A network of ancient American Indian ceremonial and burial mounds in Ohio described as “part cathedral, part cemetery and part astronomical observatory” was added Tuesday to the list of UNESCO World Heritage sites.
Preservationists, led by the Ohio History Connection, and indigenous tribes, many with ancestral ties to the state, pushed to recognize the Hopewell Ceremonial Earthworks for their good condition, distinct style and cultural significance — describing them as “masterpieces of human genius.”
UNESCO’s World Heritage Committee approved the application during a meeting in Saudi Arabia. The massive earthworks join a list of famed sites that includes Greece’s Acropolis, Peru’s Machu Picchu and the Great Wall of China.
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“Pure excitement and exhilaration” were the immediate reactions of Chief Glenna Wallace, of the Eastern Shawnee Tribe of Oklahoma.
“Tears came to my eyes, and exhilaration turned into reflection, knowing that the world will now see and recognize the commitment, spirituality, imaginative artistry and knowledge of complex architecture to produce magnificent earthworks,” she said in a statement. “Our ancestors were true geniuses.”
Constructed by American Indians between 1,600 and 2,000 years ago along central tributaries of the Ohio River, the earthworks were host to ceremonies that drew people from across the continent, based on archeological discoveries of raw materials brought from as far west as the Rocky Mountains.
Elaborate ceremonialism linked to “the order and rhythms of the cosmos” is evident in the “beautiful ritual objects, spectacular offerings of religious icons and regalia” found at the sites, the application said.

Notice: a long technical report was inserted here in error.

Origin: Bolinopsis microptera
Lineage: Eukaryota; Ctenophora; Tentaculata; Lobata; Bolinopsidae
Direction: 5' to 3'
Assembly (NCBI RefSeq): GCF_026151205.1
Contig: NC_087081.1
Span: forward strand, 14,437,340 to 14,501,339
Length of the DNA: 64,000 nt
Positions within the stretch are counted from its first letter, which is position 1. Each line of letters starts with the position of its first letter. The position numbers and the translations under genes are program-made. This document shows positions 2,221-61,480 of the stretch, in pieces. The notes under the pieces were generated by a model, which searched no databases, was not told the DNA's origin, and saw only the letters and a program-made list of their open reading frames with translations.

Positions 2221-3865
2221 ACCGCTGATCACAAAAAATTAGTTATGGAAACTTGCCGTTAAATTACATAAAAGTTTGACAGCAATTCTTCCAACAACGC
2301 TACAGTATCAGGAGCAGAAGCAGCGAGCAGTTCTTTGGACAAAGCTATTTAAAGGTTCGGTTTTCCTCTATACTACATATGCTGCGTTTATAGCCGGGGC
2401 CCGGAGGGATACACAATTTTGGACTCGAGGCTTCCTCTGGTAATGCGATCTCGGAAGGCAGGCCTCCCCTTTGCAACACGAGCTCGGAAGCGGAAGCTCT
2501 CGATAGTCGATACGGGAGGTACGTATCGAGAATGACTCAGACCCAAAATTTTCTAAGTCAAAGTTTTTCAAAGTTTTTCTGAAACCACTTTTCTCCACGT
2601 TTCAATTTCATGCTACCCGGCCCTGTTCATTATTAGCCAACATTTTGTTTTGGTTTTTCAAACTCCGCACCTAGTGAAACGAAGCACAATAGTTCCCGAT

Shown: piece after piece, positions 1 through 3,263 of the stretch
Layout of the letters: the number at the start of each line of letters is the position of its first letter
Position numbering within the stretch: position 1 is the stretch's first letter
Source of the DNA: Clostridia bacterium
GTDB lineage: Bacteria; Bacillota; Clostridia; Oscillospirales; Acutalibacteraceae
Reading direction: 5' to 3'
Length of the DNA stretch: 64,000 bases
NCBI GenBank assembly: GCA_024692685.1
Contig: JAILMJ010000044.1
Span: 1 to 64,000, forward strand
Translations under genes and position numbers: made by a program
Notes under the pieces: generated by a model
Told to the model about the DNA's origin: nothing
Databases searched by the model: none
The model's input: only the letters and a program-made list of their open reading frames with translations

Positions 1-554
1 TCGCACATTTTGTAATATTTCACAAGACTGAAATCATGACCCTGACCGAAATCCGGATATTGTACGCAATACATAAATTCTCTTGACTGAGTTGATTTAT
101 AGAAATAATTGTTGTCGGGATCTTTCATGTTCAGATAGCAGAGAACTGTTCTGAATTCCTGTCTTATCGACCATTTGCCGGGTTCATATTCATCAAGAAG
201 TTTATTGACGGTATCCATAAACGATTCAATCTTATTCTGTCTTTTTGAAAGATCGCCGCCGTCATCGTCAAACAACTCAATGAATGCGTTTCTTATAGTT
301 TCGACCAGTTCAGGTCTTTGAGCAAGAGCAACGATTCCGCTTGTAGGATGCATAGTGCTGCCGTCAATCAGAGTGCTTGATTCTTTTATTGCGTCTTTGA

The eight sites comprising the earthworks are spread across 90 miles of what is present-day southern Ohio. They are noteworthy for their enormous scale, geometric precision and astronomical breadth and accuracy — such as encoding all eight lunar standstills over an 18.6-year cycle.
UNESCO Director-General Audrey Azoulay said the earthworks’ inclusion on the heritage list “will make this important part of American history known around the world.”
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“Just three months after rejoining UNESCO, the United States has its twenty-fifth site inscribed on the World Heritage List, which illustrates the richness and diversity of the country’s cultural and natural heritage,” she said. “This inscription on the World Heritage List highlights the important work of American archeologists, who discovered here remains dating back 2000 years, constituting one of the largest earthwork constructions in the world.”
The National Congress of American Indians, the Inter-Tribal Council representing tribes living in Northeast Oklahoma and the Seneca Nation of New York State were among tribes that supported the UNESCO designation.
The application process for the heritage designation was slowed by a protracted court battle to restore public access to a portion of the land that had been leased to Moundbuilders Country Club for a golf course. A ruling of the Ohio Supreme Court in December allowed Ohio History Connection, the state’s historical society, to proceed with efforts to gain control of the Octagon Earthworks in Newark, one of eight sites recognized.
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History Connection CEO and Executive Director Megan Wood said that Tuesday’s inscription of the site was the culmination of more than a decade of work by her organization and its partners, including tribes and the National Park Service.
“We are beyond excited to share these sites with more and more Ohioans, Americans and world travelers,” she said.
Other sites included under the new designation are: Fort Ancient Earthworks in Oregonia and Great Circle Earthworks in Heath; and five sites within the Hopewell Culture National Historical Park in Chillicothe — Mound City Group, Hopewell Mound Group, Seip Earthworks, High Bank Earthworks and Hopeton Earthworks.
Republican Ohio Gov. Mike DeWine said he anticipates that Ohio’s first World Heritage site will draw “even more visitors to see these amazing places” to “experience the awe-inspiring earthworks that are such a special part of Ohio’s history.”